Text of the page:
The day before the documentary film Elemental: Reimagine Wildfire was set to begin streaming on Apple TV, Google Play and Amazon, the director Trip Jennings received a text: a jury found the power company PacifiCorp liable for the Oregon Labor Day fires that serve as examples in the film of why we need to rethink our relationships and responses to wildland fire.
We were talking with Jennings about the making of the film when the text arrived. He shared the news, and remembered, as a filmmaker and resident of Portland, Oregon, those days of wind, smoke and firestorms, of so many lost homes, and of when the film’s team first saw the footage of sparking power lines that ignited the destructive fires.
The news settled and we turned back to the other topics that he’s been focusing on: the vital dialogues of science, the challenging transitions of policy and funding, and the role of insurance as a potential pivot point to help us face wildfire’s risks to homes.
At the moment we were talking about the film itself, and the continuing conversations that the film prompts.
From initial screenings of the film. Jennings learned that the film sells out in communities where there are effective partnerships working to face wildfire issues. In these communities, Jennings said, the audience may have “a little bit of experience with fire, and they’re curious what to do. They want ideas on how to move forward, they’re feeling vulnerable and concerned. And fire folks are excited about the film too and want to share it. Yet it’s hard for firefighters to say, there’s a limit to what we can do.”
Which is one component of the theme in Elemental. That what we’ve been doing isn’t solving the problems. “We point out the limits to suppression,” though Jennings added that “There’s not a world where we’re not going to fund fire suppression.” And the role that fire professionals play in an ongoing paradigm shift is key. In making the film and during screenings, Jennings observed the “incredible and rare social capital of firefighters” and how their observations of the fire challenge is helping communities change. He was also pleased that the film caught enough of the nuances of fire management and fire science so that it resonated with firefighters (as well as fire survivors and politicians).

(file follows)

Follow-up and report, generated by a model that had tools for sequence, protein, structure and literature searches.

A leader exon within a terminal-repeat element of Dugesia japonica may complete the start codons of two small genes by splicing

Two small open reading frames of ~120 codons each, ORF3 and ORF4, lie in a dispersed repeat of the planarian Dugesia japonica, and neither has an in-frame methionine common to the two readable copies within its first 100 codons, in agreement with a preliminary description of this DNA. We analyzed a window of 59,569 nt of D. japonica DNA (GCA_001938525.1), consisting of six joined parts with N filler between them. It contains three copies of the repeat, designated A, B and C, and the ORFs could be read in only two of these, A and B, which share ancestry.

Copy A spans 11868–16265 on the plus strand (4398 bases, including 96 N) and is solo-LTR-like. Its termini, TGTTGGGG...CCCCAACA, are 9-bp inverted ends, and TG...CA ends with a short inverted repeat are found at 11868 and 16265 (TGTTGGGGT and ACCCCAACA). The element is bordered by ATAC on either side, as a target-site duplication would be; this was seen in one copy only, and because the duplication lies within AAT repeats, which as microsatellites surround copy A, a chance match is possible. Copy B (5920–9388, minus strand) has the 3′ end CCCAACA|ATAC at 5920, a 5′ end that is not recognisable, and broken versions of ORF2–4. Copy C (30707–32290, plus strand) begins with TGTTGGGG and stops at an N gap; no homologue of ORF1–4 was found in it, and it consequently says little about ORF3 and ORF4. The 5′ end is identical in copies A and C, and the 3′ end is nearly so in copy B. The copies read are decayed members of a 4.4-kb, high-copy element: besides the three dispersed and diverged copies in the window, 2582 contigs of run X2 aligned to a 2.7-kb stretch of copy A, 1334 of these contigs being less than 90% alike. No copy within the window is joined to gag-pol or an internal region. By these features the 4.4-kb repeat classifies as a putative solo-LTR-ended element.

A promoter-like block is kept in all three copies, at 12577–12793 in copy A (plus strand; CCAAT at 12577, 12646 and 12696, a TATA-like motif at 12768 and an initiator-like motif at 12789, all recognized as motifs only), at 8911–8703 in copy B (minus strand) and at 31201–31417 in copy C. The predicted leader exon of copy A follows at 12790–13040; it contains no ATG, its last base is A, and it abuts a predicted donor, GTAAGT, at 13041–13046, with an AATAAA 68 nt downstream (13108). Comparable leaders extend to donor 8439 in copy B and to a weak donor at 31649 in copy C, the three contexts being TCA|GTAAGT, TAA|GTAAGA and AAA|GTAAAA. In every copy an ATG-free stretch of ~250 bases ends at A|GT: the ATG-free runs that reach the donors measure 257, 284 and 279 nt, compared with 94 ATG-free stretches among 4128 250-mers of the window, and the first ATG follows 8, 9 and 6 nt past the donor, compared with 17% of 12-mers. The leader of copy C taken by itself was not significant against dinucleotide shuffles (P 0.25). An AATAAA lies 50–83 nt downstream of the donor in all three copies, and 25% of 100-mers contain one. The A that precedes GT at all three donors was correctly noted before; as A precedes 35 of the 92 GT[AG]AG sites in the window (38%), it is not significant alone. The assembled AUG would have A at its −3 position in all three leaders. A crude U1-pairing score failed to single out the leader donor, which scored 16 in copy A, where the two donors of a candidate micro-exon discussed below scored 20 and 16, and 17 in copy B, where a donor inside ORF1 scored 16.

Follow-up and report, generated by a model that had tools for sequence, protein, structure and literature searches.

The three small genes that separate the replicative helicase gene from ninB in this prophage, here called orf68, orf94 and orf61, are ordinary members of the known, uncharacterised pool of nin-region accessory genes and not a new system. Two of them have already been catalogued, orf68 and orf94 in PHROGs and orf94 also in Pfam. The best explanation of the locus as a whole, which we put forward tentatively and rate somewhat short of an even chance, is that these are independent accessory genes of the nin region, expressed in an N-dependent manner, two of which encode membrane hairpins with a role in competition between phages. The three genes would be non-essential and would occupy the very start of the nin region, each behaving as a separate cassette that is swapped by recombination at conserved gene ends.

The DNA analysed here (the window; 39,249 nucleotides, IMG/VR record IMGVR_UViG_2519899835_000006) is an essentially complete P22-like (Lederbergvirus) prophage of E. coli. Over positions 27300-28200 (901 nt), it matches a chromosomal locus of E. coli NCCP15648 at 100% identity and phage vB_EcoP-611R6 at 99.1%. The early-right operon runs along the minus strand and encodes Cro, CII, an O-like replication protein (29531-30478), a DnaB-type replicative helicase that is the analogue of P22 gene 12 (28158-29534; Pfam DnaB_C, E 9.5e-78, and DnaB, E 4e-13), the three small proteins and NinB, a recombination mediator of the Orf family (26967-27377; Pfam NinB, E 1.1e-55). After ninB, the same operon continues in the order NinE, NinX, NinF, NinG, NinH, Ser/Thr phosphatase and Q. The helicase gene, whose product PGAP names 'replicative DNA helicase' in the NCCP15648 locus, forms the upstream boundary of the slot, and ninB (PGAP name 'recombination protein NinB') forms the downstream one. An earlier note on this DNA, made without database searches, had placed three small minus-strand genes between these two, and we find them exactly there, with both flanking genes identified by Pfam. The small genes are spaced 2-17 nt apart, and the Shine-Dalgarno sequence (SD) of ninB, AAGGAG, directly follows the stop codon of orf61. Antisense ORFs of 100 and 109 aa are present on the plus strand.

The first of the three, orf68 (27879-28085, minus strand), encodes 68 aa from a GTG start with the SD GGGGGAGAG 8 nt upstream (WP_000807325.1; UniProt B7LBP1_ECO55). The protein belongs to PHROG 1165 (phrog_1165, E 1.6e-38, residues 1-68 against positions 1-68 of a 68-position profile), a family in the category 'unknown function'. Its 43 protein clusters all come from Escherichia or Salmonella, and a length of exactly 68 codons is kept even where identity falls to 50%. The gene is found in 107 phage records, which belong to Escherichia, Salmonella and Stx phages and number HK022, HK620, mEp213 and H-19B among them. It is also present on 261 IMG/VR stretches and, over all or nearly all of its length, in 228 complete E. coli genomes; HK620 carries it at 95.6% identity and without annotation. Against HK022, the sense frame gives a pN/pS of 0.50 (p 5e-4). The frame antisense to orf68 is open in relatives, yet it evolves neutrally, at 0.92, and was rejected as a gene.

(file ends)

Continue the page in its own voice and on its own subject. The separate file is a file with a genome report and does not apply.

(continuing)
The role and voices of firefighters, cultural burners (firelighters), fire scientists, community members and policy makers will all be required in reimagining fire (and all are represented in the film). “We need to change the way we’re thinking about the cultural narrative. When we say the problem is in the forest, it’s not a sufficient answer. The forest is a value at risk, not a solution [to be implemented by logging]. If we can separate fire safety conversations from forest product industry conversations. … if we can separate the conversations more, to let fire safety be its own topic and goal, then the film will be a huge win. And then we can have a more nuanced conversation that takes in the science.”
While suppression will always be a component, Jennings observed that what we fund when it comes to fire and fuels management needs to be focused on the values at risk, often the homes, which may not benefit from a distant forest treatment (and he notes that brush and grass fires, and home-to-home burning, can be as destructive as “forest” fires). Or, for that matter, a logging project packaged as fire safety.